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Vomiting In Children (Children’s Health)

Signs and Symptoms of Vomiting In Children (Children’s Health)
Vomiting in children is sometimes accompanied by one of the following:
1. Abdominal cramps or pain.
2. Diarrhea.
3. Fever, weakness, and fatigue.Headache.
4. Loss of appetite.

vomiting in children
What to do now
If you think your child might have severe food poisoning or chemical poisoning:
1. Trained specialists can help you determine the possible source and whether your baby needs a medical treatment.

If your child have mild vomiting and diarrhea:
1. Don’t give your baby antinausea or antidiarrhea medication for 24 hours after his or her symptoms develop, unless a doctor recommends it. Vomiting and diarrhea are the body’s way of expelling whatever irritant or infectious agent may be causing the problem. (Medication may be necessary for children, who become dehydrated more quickly.)
2. Once your child can keep fluid in his or her stomach, drink clear liquids for about the next 12 hours. Then, for a full day, eat bland foods-such as rice, baked potatoes, and clear soups – if your stomach can tolerate them.
3. Make sure your child gets plenty of rest until symptoms are gone. Because your child can lose lots of fluid from repeated vomiting. Dehydration is a potential danger, especially in children. Symptoms include dry mouth, sticky saliva, dizziness or weakness or weakness, dark yellow urine, and sometimes excessive thirst.
4. If your child cannot keep liquids down and are becoming severely dehydrated, you will need to take him or her to a hospital for intravenous fluid replacement.

When to call a doctor
1. If, along with vomiting and abdominal pain, your child experience blurred vision, muscle weakness, difficulty speaking or swallowing, or muscle paralysis. These may be signs of botulism, a rare but sometimes fatal type of bacterial food poisoning.
2. If your child have symptoms of chemical food poisoning-vomiting, diarrhea, sweating dizziness, excessively tear eyes, great amounts of saliva mental confusion, and stomach pain- about 30 minutes after eating. This is often caused by pesticides or by eating food kept in tainted containers, and can be life-threatening.
3. If your child vomit blood or anything that looks like coffee grounds.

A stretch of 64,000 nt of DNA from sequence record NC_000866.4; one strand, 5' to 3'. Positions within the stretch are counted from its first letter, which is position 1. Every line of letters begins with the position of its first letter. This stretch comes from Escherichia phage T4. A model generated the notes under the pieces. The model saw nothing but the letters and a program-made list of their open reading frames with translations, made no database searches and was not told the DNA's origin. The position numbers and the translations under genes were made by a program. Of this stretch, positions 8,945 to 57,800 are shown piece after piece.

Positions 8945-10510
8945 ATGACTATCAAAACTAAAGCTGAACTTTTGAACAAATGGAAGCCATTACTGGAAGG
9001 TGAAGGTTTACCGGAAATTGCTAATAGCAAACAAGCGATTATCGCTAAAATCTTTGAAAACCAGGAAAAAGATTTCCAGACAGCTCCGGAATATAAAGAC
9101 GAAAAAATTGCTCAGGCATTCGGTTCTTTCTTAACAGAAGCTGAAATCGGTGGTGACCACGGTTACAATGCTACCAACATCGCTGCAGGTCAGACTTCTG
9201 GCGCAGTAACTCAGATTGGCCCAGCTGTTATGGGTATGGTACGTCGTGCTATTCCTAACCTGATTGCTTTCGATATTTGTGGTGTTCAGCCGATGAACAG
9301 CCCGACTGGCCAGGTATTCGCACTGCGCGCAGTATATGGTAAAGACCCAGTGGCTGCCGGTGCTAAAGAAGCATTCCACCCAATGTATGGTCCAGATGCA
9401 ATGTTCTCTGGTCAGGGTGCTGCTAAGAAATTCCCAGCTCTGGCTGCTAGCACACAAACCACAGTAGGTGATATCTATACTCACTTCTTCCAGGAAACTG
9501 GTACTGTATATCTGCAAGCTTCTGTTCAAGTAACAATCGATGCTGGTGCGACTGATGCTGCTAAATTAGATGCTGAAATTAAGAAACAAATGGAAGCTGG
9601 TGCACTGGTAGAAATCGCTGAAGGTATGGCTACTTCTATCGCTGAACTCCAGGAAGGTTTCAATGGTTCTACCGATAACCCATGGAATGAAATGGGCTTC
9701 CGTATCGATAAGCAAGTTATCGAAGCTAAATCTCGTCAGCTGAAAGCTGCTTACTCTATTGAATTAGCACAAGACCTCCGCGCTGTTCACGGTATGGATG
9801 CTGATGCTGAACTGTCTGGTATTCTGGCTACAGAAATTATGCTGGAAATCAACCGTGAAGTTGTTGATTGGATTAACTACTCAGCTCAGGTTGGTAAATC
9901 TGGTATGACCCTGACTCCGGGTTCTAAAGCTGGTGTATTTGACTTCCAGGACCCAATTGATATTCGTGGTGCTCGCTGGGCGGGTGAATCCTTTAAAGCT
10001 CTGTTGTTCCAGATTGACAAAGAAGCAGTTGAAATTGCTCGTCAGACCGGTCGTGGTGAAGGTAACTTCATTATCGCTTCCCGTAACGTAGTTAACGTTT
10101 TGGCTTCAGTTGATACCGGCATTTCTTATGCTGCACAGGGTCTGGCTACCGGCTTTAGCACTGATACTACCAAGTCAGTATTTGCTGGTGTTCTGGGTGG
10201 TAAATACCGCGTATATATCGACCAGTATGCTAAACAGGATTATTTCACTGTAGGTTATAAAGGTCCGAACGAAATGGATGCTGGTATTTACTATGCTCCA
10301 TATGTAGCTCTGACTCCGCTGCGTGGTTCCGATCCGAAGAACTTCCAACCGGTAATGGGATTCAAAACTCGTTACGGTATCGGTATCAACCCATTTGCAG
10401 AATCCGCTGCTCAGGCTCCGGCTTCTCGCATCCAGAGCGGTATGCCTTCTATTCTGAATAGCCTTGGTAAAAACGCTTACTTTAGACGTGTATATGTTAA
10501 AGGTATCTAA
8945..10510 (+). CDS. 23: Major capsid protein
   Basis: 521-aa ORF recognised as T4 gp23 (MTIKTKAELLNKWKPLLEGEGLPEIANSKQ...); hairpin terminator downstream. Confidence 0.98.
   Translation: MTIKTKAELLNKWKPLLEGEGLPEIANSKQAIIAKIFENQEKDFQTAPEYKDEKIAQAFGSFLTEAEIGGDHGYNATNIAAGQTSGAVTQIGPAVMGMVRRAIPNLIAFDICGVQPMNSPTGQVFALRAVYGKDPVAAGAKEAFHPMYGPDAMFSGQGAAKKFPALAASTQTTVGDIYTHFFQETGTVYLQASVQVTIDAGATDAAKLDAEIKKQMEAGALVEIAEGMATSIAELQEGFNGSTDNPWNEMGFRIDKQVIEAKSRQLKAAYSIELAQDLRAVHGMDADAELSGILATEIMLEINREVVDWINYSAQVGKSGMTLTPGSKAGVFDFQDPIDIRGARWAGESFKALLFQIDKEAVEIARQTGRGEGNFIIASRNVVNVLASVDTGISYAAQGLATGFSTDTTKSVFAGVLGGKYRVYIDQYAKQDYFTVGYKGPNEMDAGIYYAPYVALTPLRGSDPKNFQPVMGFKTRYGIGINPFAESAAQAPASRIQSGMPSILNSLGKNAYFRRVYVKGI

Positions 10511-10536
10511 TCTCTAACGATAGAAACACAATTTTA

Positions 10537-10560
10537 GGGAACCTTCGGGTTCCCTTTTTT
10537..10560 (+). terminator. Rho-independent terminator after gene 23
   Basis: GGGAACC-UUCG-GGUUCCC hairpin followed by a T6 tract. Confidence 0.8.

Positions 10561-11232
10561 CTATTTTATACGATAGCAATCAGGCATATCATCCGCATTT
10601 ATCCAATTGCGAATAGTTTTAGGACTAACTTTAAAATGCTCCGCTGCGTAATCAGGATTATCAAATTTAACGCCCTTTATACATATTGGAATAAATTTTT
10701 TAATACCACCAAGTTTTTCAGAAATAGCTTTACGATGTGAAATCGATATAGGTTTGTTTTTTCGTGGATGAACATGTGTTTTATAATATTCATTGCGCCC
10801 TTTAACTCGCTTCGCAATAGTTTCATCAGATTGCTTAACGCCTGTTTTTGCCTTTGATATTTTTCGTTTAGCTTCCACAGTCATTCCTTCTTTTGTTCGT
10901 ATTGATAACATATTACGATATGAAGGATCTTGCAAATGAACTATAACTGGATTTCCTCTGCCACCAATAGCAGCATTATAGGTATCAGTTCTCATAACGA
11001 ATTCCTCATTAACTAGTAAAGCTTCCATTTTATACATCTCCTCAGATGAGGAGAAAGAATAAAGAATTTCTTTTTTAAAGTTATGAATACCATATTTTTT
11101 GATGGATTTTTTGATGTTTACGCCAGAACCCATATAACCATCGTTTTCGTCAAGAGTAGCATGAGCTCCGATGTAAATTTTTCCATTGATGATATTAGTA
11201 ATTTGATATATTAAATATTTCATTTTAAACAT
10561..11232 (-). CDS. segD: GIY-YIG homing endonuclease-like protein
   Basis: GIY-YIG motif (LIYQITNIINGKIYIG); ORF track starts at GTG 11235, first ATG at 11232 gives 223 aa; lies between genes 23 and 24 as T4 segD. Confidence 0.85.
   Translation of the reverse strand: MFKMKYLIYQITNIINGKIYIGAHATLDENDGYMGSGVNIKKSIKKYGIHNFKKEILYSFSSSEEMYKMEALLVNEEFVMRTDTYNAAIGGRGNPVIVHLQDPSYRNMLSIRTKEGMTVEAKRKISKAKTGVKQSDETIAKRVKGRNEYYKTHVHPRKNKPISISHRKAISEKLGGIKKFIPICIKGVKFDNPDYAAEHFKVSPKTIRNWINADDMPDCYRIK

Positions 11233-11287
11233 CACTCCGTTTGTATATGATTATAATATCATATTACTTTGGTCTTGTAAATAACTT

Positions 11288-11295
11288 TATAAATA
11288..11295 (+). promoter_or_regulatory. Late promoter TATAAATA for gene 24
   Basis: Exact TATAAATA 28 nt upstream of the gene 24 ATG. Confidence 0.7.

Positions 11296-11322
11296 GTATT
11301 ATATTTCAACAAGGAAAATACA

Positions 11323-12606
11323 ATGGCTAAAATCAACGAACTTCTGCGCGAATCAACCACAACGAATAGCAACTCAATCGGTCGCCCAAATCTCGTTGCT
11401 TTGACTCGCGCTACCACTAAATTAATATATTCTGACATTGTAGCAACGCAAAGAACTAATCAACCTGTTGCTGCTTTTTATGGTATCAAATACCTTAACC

4. If your child have bloody or tarry stools; this can signal internal bleeding.
5. If your baby have intense pain or swelling in the abdomen, rectum, or anus; you may have a serious abdominal disorder.
6. If your child develop signs of dehydration-dry mouth, sticky saliva, dizziness or weakness, dark yellow urine, and sometimes, excessive thirst. Dehydration is extremely serious in infants.
7. If your baby’s symptoms recur after treatment; he or she may have an underlying problem such as an intestinal parasite.
8. If your baby’s vomiting and diarrhea are severe and last longer than two or three days.
9. If your baby have a fever of 100.00 or higher.

How to prevent it
To avoid catching viral stomach flu:
1. Make sure your child wash his or her hands frequently.
2. Keep your baby’s immune system strong with plenty of rest, exercise, and a healthy diet.

To prevent food poisoning:
1. Don’t defrost frozen meat at room temperature. let meat melt in the refrigerator, or defrost it quickly in a microwave oven and cook it immediately. Be sure that frozen food (especially poultry) is completely defrosted before cooking, so that it will cook all the way through and any bacterial will be killed.
2. Outside your house, be especially careful not give your baby moist foods that have been out in the sun long enough to become warm. Avoid uncooked, marinated food a raw meat fish, or eggs. Cook all such food well.
3. Using soap and hot water, carefully wash your hands and any countertops, cutting boards, and utensils touched by uncooked meat fish, and poultry.
4. Refrigerate perishable items immediately. Set your refrigerator at 37 degrees, and never eat diary products or cooked meat if they have been out of a refrigerator more than two hours.
5. Be sure that all members of your household wash their hands with soap and water after using the toilet and before preparing food or eating.
6. Don’t eat any food that looks or smells spoiled, or any food in bulging cans or cracked jars-a signal that the contents have gone bad.
7. Make sure that your child don’t eat wild berries, mushrooms, or other plants unless you are sure of what they are.

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